I will go back to Chiang Mai. I must go back to Chiang Mai. I'm already checking airfare prices daily. I want to spend a month there. I want to learn more about Buddhism, meditation, and mindfulness. I want to travel to Laos and Cambodia. If I weren't so grateful for the opportunity to travel to Thailand at all, I'd consider it a tragedy that I wasted 11 days in Bangkok and Patong, and had only a precious 3 in Chiang Mai, but I will not dwell and I will not be greedy. I will save my øre, I will hoard my vacation time, and I will visit again.
Chiang Mai was everything I expected in Thailand. It was the first time in the trip that I felt like I was someplace very far away from anywhere I'd ever been. And I wanted to drink in every last drop.
I took a one day Thai vegetarian cooking class. I went on a river cruise. I went to a night market, where I got the most incredible deals on Thai Silk (less than $1/meter) and a Buddha statue (about $3). I visited temples, talked with a monk about Buddhism, and stayed in the the most amazing boutique hotel!
There are some more commercial areas of Chiang Mai, but a significant portion of the city is made up of little roads (Soi)
like these. They are dotted with guesthouses, restaurants, bars, etc. It's possible to rent a room in a guesthouse here for less than 5000 baht/month (less than $200)
. It's a very popular area with backpackers and other alternative types of travelers, which suits me perfectly.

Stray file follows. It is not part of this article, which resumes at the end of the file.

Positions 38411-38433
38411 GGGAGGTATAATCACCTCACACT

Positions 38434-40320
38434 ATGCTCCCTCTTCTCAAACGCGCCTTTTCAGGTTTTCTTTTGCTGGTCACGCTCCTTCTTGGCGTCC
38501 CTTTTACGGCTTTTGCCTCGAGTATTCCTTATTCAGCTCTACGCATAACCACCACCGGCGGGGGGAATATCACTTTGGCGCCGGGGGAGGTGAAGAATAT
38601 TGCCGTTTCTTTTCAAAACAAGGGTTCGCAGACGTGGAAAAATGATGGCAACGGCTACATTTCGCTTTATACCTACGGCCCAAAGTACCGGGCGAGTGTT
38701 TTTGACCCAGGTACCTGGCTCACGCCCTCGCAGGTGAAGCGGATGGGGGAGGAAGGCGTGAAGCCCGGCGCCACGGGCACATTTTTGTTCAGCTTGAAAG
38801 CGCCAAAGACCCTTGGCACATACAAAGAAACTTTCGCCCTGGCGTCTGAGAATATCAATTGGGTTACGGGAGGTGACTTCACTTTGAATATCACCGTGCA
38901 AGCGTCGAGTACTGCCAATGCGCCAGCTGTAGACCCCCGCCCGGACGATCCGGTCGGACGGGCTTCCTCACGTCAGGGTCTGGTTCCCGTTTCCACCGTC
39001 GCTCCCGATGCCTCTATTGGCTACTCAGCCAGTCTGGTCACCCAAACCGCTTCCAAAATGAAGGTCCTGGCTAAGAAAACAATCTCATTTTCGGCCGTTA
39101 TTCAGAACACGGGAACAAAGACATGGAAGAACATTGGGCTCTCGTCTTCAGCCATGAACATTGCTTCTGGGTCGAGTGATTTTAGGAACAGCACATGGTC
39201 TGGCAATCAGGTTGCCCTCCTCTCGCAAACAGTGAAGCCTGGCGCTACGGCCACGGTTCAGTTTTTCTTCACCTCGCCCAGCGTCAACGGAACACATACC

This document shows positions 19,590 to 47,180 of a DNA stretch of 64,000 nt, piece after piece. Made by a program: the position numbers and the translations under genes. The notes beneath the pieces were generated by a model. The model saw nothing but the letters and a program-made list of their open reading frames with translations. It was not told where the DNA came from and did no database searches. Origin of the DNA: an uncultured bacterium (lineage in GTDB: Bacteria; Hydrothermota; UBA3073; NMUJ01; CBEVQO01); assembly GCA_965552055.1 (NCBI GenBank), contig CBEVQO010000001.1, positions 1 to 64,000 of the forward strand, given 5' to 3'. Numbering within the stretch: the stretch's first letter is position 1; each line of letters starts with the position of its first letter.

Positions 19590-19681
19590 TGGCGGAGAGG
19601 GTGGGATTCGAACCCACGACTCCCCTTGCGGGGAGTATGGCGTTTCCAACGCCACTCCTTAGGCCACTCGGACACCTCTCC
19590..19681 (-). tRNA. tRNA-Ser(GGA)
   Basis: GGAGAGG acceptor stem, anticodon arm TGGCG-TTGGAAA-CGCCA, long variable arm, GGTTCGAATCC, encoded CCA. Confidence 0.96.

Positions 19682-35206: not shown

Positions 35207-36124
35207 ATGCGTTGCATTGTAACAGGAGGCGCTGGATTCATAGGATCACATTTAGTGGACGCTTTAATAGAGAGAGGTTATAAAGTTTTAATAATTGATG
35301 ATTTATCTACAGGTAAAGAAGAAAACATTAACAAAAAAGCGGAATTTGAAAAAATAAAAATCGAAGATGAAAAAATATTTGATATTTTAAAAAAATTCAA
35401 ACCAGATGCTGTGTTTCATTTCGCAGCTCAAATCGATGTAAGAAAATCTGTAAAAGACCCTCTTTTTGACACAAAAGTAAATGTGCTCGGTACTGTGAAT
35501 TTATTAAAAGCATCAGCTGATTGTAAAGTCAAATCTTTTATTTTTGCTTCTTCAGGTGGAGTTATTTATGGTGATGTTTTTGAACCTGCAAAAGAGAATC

Vegetarian food was plentiful here. Happy Cow lists 49 veg-friendly choices in Chiang Mai, but there were so many more, and they're silly cheap! Aloo gobi with rice at the night market was less than $2. And it was good!
The most expensive thing on this menu is slightly over $2.50, and these prices are on the expensive side. If you've got the time, it's totally possible to take a long break here and live well without going broke :)
No matter where I go, I'm always on the lookout for Vespas. Somehow though, they're never as romantic outside of Italy.
Chiang Mai has around 300 Buddhist temples. I didn't see nearly as many as I would've liked, but I did visit a handful of temples, and I will post separately about them.
Elephants are very prominent in Thai culture, and especially Thai Buddhism. There is a lot of elephant imagery in art, sculpture, and decor.
Unfortunately, there's also a fair amount of elephant tourism in the form of elephant parks, elephant treks, elephant shows, etc. Animal welfare standards in Thailand are very low and I really wish people would stop supporting this ugly side of the tourist trade, or at least educate themselves enough to know the truth about the poaching and abuse that they are so blindly supporting in their quest for an "exotic" vacation experience. Isn't visiting Thailand exotic enough? *stepping off my soapbox now*
Now that I've given a rundown on each of the three areas I've visited, I'll post my favorite photos and more in-depth about individual experiences. I'll also post the details of my cooking class and share the recipes with you.
If you get sick of hearing about Thailand, let me know via the comments section and we'll return to Scandinavia or Italy for a bit ;)
Labels: thailand, travel